Fifth WASH Sustainability Forum, tipping point in the sustainability debate?

Editors Note: This post was authored by Carmen da Silva Wells, programme officer at IRC. In the lead up to the Fifth WASH Sustainability Forum in the Netherlands at the end of this month, Carmen writes about the increasing recognition of the importance of sustainability among actors in the WASH sector. Referencing a mapping of sustainability tools that IRC’s Triple-S project recently undertook, she highlights one of the key findings: that while there are many tools that have been developed to assess and promote sustainability in the WASH sector, work still remains around how these tools are applied. This post originally appeared on IRC’s blog here.

Carmen da Silva Wells, programme officer at IRC

Registration for next week’s Forum in Amsterdam is full, but if you’re in the area, you can add yourself to the waitlist. And if you’ll be attending the conference and are involved in the WASH sector from a philanthropic angle, join the WASH Grantmakers Network at their orientation dinner before the conference on June 29th. Details on how to RSVP can be found here.

Sustainability is a hot topic in the development sector at large. In the water and sanitation sector, there have been a range of events, partnerships and websites dedicated to collectively recognising, understanding and addressing sustainability challenges. In March this year, for example, the Australian WASH sector organised the ‘WASH for everyone, everywhere’ conference in Brisbane exploring the topic in light of the post-2015 development agenda.

The Amsterdam Forum will be held on June 30 and July 1. It is the fifth in a series of international WASH sustainability events organised by a coalition of organisations. IRC, Aguaconsult, Global Water Challenge and WASH Advocates have been core driving members behind the WASH Sustainability Forum series. This year’s event is also supported by UNICEF, the Dutch Ministry of Foreign Affairs and the World Bank’s Water and Sanitation Program.

Exploring sustainability tools

According to Harold Lockwood of Aguaconsult, one of the organisations behind the fifth edition, there is a definite shift in mind-sets since the first one in 2010: “There is a collective recognition, as well as growing momentum and support around moving towards a service delivery approach. We seem to be at a tipping point, where discussions initially focused on why we need to focus on sustainability, but are now moving to the ‘how to’ part of the equation for different actors.”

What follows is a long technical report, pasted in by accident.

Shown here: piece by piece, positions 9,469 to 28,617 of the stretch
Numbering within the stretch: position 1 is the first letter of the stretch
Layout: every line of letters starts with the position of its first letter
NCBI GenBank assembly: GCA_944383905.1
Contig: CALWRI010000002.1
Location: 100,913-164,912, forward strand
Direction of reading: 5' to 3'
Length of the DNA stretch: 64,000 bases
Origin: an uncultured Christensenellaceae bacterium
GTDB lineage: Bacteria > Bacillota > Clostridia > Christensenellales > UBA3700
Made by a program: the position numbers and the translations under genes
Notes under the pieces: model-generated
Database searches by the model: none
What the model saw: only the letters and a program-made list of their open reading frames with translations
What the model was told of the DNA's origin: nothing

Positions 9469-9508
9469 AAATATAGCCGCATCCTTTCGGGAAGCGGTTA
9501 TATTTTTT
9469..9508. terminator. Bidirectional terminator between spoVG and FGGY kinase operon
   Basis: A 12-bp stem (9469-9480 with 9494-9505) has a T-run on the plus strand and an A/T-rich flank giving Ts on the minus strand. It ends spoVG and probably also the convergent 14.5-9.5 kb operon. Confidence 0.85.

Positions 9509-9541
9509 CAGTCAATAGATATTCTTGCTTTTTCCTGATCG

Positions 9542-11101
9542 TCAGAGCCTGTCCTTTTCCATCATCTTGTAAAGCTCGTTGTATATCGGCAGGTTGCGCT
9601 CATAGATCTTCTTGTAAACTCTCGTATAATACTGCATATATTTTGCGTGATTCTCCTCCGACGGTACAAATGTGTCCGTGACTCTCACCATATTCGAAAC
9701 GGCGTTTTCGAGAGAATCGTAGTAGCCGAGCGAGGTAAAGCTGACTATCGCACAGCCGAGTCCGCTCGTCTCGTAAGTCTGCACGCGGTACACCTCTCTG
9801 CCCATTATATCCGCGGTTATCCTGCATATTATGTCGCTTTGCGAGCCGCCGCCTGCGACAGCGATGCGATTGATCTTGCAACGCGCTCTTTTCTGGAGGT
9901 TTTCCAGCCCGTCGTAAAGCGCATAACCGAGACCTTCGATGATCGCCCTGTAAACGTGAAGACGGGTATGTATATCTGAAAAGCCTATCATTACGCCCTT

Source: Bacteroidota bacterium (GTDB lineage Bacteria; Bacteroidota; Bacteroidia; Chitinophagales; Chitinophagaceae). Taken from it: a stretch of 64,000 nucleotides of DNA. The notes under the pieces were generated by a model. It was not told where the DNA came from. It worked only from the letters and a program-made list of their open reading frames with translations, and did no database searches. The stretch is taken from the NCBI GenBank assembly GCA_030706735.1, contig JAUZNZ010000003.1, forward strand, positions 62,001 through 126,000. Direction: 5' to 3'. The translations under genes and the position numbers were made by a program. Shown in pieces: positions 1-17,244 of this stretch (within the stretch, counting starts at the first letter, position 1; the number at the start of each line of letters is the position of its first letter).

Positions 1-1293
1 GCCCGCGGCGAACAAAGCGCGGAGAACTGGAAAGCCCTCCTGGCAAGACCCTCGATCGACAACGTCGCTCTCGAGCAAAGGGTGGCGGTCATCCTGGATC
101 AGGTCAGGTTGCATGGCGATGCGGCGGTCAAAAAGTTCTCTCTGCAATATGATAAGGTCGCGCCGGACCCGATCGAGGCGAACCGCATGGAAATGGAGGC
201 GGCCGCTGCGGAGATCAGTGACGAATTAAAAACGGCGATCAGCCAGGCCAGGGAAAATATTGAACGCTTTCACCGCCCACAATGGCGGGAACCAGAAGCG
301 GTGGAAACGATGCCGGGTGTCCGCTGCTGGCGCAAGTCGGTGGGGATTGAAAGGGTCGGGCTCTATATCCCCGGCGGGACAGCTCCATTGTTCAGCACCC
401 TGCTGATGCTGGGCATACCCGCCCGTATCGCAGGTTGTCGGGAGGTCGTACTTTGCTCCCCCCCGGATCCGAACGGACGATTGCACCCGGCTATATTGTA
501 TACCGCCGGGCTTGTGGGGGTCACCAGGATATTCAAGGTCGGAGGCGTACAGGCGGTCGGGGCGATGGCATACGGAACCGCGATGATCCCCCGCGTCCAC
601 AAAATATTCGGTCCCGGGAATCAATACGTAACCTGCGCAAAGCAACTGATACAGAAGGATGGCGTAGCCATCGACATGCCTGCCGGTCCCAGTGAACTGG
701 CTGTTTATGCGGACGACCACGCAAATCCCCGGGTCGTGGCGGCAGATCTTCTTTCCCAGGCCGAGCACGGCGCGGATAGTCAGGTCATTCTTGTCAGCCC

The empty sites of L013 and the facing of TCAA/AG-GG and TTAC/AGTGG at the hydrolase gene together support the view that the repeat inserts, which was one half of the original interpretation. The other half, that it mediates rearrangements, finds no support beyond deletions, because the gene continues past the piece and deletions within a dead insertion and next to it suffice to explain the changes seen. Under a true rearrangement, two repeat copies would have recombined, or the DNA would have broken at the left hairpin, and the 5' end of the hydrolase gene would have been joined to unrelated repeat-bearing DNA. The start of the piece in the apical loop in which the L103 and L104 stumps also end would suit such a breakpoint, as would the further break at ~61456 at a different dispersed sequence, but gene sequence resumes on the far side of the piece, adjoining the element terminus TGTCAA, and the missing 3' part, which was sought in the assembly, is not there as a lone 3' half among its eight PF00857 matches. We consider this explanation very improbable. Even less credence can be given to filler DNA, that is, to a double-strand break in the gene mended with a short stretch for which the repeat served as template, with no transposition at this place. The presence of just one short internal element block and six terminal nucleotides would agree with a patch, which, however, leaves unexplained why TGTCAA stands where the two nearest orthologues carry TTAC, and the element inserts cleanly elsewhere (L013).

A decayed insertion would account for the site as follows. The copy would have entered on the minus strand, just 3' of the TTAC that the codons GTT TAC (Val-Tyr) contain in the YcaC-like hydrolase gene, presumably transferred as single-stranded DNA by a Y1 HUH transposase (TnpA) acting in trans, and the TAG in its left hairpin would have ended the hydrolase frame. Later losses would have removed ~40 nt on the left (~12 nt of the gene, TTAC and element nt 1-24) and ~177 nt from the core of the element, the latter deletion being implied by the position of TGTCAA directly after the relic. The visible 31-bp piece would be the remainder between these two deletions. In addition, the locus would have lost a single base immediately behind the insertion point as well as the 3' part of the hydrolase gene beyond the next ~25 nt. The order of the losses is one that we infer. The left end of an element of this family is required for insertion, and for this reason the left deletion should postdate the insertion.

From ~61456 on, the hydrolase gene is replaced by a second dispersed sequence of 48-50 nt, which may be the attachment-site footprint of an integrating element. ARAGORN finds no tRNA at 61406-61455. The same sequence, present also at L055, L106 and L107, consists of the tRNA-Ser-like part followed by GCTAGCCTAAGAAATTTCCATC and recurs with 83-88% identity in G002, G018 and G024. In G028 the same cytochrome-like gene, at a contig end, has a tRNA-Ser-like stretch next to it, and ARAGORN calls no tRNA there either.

The 5th WASH Sustainability Forum aims to move donors, civil society and governments towards application of sustainability principles and tools. One of the significant inputs to the event is a study of WASH sustainability tools conducted by Aguaconsult as part of Sustainable Services at Scale, or Triple-S, an IRC-led initiative. A Triple-S Working Paper, ‘Mapping of WASH sustainability tools’ contains the findings of the mapping, as well as the outcomes of an online survey looking into demand for sustainability tools and a 2-part webinar series.

The good news is that there are plenty of tools out there for understanding, measuring, or predicting sustainability. The assessment included a review of over 220 tools, and the 25 tools with clear content and methodology for understanding, measuring, or predicting sustainability have been presented as 1-page practical summaries in the Working Paper. Altogether these 25 sustainability tools have been applied 92 times in 52 countries, with most addressing the technical, institutional, and management areas that affect sustainability.

There are also notable gaps, such as tools that can be applied across all stages of the service life-cycle, tools that address sanitation and hygiene interventions and that can be applied to urban or peri-urban areas.

According to Ryan Schweitzer, Claire Grayson and Harold Lockwood, authors of the Working Paper, the emergence of clusters of similar sustainability assessment tools is a positive signal that a new paradigm is emerging in the sector. However, most tools are driven by external development partner organisations. Therefore, one of their key findings is that much more effort needs to be made to align tools with country monitoring systems and sector capacities and to use the data that these tools generate in order to improve services.

This challenge of linking tools with national systems – and indeed showcasing some national government tools – will be one of the core topics at the Forum. Representatives from government, private sector, donors and NGOs will engage in a panel debate to talk about how to improve the application and alignment of tools so that investments in the sector deliver services that last.